And of course our calculations are not incompatible with the non-radiative transports in the atmosphere – notably evaporation and convection up, advection across and precipitation and subsidence down. But there is no need to model them explicitly in our simple method, which uses the zero-dimensional-model equation (1 and 2 above) as it is intended to be used – diagnostically. The narrow purpose of the equation is to indicate how a given feedback fraction will act in the actual climate and, therefore, to diagnose not only what interval of equilibrium temperatures the CMIP3 and CMIP5 models would predict based on their current feedback fraction 0.67 but also what temperature those models would be likelyto predict based on the substantially lesser feedback fractions that we have derived after correcting climatology’s error.

RJ, just wrong, Tropospheric cooling is indeed done partly by convection. BUT, our planet has an atmospheric ‘envelope’ surrounded by space at CMB 2.7K. Now, how the heck does your convective cooling extend to space.? iT DOESN’T. Only radiative outbound LWR can ultimately cool this planet. To space, there is no convection and no conduction. Period.
Now, in partial forgiveness of your conceptual error, Willis Eschenbach has posted many times on how convection can help cool despite the GHE by lifting heat above most of the GHE. And I have posted many times on how his irrefutable observation means the climate models are misparameterized so run inarguably hot.

You say; “Global temperature in 1850 was 287.6 K.”
I say false precision and in need of a very large error bar.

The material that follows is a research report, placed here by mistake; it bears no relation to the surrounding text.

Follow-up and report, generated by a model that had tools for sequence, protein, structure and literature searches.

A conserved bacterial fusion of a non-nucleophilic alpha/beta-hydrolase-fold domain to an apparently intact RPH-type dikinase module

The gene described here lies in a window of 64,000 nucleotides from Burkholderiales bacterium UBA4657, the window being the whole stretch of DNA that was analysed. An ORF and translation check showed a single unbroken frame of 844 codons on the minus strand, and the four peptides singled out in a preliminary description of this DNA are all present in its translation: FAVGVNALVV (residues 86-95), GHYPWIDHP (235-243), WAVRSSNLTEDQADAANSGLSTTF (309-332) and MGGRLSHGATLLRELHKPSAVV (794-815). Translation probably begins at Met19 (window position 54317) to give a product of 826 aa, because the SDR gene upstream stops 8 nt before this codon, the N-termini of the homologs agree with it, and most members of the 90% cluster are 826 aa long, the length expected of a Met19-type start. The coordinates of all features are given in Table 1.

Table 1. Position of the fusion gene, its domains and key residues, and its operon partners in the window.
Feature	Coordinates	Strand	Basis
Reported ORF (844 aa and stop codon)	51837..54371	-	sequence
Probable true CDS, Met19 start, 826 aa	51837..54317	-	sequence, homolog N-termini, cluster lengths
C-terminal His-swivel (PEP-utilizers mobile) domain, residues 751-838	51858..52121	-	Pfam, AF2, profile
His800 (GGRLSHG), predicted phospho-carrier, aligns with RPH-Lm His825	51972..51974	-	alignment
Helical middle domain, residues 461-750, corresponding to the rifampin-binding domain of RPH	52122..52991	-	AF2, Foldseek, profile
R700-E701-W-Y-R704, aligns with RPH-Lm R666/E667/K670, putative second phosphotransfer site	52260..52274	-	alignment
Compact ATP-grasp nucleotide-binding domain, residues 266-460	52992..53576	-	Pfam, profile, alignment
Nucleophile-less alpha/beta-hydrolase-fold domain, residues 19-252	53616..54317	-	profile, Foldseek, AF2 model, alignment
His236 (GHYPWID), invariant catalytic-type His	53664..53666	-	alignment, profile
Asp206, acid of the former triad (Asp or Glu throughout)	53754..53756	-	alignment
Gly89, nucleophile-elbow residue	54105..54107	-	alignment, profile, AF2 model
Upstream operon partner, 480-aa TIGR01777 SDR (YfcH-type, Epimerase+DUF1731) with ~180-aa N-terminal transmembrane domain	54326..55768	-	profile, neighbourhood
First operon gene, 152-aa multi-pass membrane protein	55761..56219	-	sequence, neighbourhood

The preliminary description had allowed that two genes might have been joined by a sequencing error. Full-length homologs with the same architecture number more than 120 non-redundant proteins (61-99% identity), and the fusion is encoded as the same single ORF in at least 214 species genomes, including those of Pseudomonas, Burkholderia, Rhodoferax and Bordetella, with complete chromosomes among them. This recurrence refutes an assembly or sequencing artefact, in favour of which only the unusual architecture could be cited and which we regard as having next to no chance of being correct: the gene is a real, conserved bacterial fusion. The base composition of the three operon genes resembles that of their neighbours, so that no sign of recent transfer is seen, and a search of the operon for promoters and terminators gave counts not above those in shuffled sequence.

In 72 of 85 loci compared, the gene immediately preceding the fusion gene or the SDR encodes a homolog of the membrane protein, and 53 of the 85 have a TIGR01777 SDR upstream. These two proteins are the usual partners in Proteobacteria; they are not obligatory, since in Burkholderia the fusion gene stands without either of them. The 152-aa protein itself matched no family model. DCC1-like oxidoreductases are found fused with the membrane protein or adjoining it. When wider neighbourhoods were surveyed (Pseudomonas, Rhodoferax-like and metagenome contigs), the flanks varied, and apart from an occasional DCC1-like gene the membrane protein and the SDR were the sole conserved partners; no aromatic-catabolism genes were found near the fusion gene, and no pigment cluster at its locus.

Very clear reasoning and an excellent job of isolating the analysis from the usual distractions. Thank you.

There is no need to be picky with MB on this, as he states, he accepts the IPCC numbers up front, to narrow the discussion.

Monckton of Brenchley

In reply to the Dawg, first of all many thanks for your kind words. Secondly, the ISCCP dataset finds today’s global mean surface temperature to be 288.4 K, and the HadCRUT4 dataset finds the warming from 1950 to 2011 to be 0.8 K. The difference – 287.6 K – is the approximate value of global mean surface temperature in 1850.
Furthermore, even if one were to vary the value a little bit either way, it would make little difference to the conclusion. All I have done is to work with official mid-range estimates. And, because my method is explicitly stated step by step, the Dawg is free to substitute any alternative value he considers appropriate and recalculate.

richard verney

Herein lies the problem
None of the data sets are fit for purpose such that we cannot empirically test anything using observational data.
Merely for the sake of argument, let us assume that if we had properly measured temperature and had proper and accurate data on this, such that we would see that the temperature today is no greater than it was in 1940 and in 1880 (there being some variations between 1850 to 2017, but the peaks of 1880 and 1940 were the same, or slightly greater, than the peak of 2016/17), are you really saying that that fact would not impact upon your conclusion?
Are you really saying that if there was no temperature increase during the period when about 97% of all manmade CO2 emissions have occurred, that would not impact upon your conclusions?
I find that difficult to comprehend.